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May 15, 2015

The Woulda, Shoulda, Coulda Approach to Foreign Policy

Pondering Jeb Bush’s flubbed answer about invading Iraq.

As a leading GOP presidential candidate and brother of the former president, Jeb Bush had to know he was going to be asked about Iraq sometime during the campaign. That “sometime” came this week as Megyn Kelly of Fox News asked him whether, “knowing what we know now,” he would have authorized the invasion of Iraq. Jeb used the answer to both speculate that Hillary Clinton would have done (in fact, did) the same thing and declare that, “if they’re trying to find places where there’s big space between me and my brother, this might not be one of those.”

The blowback was predictable, and he quickly walked back his answer, insisting he’d misheard the question. He did seem to answer the “knowing what we knew then” version. Now he says flatly, “I would not have gone into Iraq.”

Needless to say, there’s been a lot of debate about the fitness of the younger Bush’s initial answer. Conservatives ponder whether he needed a better one, made “a rookie mistake,” or was exactly right. There are also those who thought the question itself was “completely stupid.”

Stupid or not, the question was bound to come up as a result of the ongoing mess we’re dealing with in the Middle East, and we now have over a decade of hindsight at our disposal. There weren’t the quantities of weapons of mass destruction everyone — even those who quickly pretended otherwise — originally believed were in Iraq. Intelligence estimates at the time were all George W. Bush had to go on, not “what we know now.” There was also Saddam Hussein’s established record of atrocities, belligerence and threats to U.S. interests. So, we eliminated a bloody dictator, the byproduct of which convinced Libyan strongman Moammar Gadhafi that he should abandon his own efforts at a WMD program.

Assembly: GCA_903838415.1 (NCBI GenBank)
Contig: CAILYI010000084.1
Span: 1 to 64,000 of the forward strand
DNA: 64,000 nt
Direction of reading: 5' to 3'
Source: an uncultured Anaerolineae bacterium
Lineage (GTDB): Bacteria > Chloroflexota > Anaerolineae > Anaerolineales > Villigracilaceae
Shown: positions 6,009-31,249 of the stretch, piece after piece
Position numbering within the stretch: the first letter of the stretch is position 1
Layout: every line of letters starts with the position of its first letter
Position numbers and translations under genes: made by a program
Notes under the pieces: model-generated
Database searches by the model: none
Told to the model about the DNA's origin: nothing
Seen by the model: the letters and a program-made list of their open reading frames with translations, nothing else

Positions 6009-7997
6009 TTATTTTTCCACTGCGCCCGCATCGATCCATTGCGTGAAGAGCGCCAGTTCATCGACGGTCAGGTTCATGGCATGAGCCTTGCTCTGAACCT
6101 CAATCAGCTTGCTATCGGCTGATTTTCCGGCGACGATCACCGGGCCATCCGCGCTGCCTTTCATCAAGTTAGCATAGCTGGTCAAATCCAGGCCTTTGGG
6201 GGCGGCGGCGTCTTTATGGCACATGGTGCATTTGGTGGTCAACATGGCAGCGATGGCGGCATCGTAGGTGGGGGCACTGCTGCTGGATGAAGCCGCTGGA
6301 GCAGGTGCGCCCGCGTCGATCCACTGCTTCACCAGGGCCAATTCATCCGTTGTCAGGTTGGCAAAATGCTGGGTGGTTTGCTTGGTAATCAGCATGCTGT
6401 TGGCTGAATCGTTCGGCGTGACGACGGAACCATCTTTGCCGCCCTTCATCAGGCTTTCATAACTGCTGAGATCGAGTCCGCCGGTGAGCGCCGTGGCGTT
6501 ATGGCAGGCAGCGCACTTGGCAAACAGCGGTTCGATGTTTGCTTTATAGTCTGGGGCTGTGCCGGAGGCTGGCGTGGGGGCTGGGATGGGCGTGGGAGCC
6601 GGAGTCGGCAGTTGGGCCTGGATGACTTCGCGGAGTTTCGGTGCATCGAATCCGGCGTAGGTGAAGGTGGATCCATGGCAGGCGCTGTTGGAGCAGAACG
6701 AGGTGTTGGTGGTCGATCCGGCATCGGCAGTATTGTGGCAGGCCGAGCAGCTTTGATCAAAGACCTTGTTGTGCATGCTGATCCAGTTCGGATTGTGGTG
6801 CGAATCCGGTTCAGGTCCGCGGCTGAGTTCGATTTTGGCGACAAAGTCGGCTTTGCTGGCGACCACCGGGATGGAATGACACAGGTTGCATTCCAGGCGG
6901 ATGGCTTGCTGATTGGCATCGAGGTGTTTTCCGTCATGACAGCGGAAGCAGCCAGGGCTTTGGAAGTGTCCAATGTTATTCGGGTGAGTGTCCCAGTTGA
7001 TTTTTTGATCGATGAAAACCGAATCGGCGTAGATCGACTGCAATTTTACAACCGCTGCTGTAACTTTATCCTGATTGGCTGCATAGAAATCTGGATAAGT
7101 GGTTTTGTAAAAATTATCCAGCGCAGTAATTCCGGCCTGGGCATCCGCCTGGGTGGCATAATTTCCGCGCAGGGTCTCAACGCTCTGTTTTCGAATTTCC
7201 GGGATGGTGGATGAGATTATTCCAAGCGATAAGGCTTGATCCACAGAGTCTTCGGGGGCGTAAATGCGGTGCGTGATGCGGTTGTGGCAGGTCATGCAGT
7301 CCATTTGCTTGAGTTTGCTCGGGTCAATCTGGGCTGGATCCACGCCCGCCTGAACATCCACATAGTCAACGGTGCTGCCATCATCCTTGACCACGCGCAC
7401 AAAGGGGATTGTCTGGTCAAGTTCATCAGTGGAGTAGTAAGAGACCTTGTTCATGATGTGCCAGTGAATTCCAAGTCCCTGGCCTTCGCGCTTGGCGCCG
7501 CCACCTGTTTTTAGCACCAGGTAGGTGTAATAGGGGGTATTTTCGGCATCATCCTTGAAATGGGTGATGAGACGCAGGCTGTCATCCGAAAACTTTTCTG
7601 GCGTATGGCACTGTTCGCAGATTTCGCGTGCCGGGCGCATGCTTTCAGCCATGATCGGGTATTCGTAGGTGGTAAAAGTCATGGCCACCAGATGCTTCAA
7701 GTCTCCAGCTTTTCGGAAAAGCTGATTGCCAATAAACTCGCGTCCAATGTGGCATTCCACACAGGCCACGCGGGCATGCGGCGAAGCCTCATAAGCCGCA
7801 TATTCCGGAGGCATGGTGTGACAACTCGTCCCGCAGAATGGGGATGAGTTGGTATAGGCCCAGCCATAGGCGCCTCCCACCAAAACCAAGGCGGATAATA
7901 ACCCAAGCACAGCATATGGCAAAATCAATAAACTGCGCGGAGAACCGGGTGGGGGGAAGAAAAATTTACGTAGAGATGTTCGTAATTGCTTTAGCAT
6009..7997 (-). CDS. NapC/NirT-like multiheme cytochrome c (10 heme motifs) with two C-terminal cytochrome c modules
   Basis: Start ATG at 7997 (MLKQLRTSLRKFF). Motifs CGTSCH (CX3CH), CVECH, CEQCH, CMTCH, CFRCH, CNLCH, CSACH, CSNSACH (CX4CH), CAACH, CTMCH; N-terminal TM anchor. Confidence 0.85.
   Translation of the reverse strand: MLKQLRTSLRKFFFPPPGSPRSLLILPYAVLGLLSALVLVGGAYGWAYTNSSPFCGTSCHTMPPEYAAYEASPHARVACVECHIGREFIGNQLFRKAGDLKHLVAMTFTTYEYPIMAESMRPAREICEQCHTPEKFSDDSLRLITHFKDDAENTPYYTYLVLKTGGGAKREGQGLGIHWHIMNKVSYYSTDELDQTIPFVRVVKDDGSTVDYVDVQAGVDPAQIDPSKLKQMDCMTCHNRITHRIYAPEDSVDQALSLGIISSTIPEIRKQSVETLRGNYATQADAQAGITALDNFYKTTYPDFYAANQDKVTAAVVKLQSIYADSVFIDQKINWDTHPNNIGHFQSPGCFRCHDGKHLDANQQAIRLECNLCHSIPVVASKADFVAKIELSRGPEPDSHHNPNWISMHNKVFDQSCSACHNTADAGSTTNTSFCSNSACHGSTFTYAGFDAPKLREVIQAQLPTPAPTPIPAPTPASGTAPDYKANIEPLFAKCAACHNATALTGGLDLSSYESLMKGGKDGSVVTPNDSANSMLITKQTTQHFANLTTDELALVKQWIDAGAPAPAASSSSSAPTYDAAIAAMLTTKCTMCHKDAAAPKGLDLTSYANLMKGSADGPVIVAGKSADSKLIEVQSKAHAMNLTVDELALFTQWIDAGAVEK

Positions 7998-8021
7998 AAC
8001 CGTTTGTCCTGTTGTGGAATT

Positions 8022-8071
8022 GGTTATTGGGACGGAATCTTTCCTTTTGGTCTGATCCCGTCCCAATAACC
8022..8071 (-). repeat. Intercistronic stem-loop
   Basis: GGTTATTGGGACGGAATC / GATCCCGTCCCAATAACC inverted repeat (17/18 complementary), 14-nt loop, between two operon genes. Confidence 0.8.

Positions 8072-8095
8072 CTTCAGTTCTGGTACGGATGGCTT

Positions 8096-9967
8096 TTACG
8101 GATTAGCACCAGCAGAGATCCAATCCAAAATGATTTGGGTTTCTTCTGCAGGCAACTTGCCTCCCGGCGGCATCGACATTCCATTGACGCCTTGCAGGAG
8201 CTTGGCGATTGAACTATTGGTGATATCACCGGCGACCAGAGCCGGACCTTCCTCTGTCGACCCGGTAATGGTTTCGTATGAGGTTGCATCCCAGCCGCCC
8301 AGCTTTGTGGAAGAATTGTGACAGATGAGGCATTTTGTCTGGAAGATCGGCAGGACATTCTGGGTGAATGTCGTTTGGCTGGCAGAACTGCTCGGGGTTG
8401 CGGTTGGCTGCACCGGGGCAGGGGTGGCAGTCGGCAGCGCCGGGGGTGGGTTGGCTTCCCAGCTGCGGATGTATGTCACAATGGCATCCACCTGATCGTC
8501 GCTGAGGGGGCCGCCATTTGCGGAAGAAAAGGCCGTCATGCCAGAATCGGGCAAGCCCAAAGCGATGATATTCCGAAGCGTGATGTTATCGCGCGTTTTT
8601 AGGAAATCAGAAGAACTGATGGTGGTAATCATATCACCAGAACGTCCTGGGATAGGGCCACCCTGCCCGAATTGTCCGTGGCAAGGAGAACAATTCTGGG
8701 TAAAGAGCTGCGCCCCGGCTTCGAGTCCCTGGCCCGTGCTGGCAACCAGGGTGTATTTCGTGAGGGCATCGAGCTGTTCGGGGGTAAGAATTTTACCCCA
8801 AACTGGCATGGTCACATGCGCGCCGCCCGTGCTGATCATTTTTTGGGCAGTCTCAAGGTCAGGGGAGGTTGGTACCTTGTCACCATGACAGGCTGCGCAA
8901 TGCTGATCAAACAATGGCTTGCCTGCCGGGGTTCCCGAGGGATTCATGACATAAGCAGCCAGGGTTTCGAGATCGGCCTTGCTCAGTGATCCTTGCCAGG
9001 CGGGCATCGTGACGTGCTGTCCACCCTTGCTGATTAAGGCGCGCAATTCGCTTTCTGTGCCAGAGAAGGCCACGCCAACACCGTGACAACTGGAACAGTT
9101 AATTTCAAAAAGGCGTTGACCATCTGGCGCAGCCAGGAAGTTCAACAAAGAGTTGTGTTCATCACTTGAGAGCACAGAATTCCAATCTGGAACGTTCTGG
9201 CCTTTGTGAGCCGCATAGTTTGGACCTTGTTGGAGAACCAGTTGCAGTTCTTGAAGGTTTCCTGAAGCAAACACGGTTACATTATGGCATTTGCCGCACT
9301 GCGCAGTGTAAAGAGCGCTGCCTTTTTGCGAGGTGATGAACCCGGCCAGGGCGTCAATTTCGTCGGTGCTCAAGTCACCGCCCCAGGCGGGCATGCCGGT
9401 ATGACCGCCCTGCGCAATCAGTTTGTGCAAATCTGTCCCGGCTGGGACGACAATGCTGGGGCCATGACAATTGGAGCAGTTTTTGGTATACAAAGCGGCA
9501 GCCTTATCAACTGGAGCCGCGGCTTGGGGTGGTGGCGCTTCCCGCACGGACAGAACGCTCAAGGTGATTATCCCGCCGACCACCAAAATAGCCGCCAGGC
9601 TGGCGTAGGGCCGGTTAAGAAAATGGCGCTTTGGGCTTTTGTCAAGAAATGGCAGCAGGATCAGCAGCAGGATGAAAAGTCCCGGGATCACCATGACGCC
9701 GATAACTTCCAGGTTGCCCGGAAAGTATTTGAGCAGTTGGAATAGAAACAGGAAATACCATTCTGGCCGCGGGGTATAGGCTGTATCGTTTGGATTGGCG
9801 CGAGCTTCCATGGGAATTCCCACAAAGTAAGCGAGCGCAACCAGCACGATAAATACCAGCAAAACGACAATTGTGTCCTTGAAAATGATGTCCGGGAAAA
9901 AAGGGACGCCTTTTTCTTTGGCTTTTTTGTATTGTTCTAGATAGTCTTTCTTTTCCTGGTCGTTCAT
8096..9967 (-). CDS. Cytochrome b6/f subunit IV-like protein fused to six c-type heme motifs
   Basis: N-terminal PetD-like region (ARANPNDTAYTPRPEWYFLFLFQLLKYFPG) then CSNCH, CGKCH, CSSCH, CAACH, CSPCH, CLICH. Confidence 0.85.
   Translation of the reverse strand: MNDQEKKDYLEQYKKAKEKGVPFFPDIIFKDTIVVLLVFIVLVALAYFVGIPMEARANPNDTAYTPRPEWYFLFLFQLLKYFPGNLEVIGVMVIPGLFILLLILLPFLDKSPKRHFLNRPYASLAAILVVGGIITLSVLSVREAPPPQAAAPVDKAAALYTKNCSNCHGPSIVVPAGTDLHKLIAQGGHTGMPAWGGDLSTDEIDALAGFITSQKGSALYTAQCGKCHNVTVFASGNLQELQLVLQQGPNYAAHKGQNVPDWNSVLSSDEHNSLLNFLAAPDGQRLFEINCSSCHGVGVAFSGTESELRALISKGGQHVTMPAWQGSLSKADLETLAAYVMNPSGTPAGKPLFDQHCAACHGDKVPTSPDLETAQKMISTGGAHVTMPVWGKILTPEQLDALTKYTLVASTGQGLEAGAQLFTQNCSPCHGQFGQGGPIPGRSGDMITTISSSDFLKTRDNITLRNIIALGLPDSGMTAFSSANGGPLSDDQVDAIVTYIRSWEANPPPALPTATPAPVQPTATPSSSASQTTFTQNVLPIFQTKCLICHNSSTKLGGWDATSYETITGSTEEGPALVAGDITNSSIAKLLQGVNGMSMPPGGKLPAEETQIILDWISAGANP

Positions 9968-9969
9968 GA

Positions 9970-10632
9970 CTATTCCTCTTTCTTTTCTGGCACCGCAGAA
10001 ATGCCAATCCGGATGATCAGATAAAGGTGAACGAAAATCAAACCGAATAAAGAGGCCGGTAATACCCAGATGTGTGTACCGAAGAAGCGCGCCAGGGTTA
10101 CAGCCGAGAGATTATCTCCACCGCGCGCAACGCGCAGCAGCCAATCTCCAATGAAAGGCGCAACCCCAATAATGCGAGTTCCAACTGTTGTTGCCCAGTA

Obviously, the “knowing what we know now” question is valid only as a hypothetical, since we cannot turn back the hands of time. But if we’re playing the hindsight game, we should also consider what the consequences of inaction might have been. Might Saddam Hussein now be a nuclear-powered menace? And might the region have already experienced its first nuclear calamity? We can only deal with the here and now, and the window of opportunity for taking action isn’t generally unlimited.

Indeed, as former Secretary of State Henry Kissinger observed, “The analyst can allot whatever time is necessary to come to a clear conclusion; the overwhelming challenge to the statesman is the pressure of time. The analyst runs no risk. If his conclusions prove wrong, he can write another treatise. The statesman is permitted only one guess; his mistakes are irretrievable. The analyst has available to him all the facts; he will be judged on his intellectual power. The statesman must act on assessments that cannot be proved at the time that he is making them; he will be judged by history on the basis of how wisely he managed the inevitable change and, above all, by how well he preserves the peace.”

Surely the U.S. made irretrievable mistakes during the Bush years — primarily not fighting hard enough to win decisively quickly. The surge was all well and good, but it came years too late. And it likely will be many more years before any solution benefiting U.S. interests will take hold in the cradle of civilization. We didn’t call this the “Long War” for naught.

One thing that’s painfully evident from the last six years, however, is that Barack Obama is continuing to make irretrievable mistakes in Iraq. He squandered American blood and treasure with his foolish pullout, and then tried to revise the story by blaming George W. Bush. History will be the judge of his results, and so far the progress has been lacking to the point where we are nearly back at square one — albeit with different tyrants in charge. Would ISIL have arisen from al-Qaida’s ashes if Obama hadn’t abandoned Iraq?

That brings us to another “what if” question that begs to be asked of the American people: If we knew in 2008 what we know now, would we have elected such a woefully inept and inexperienced commander in chief?

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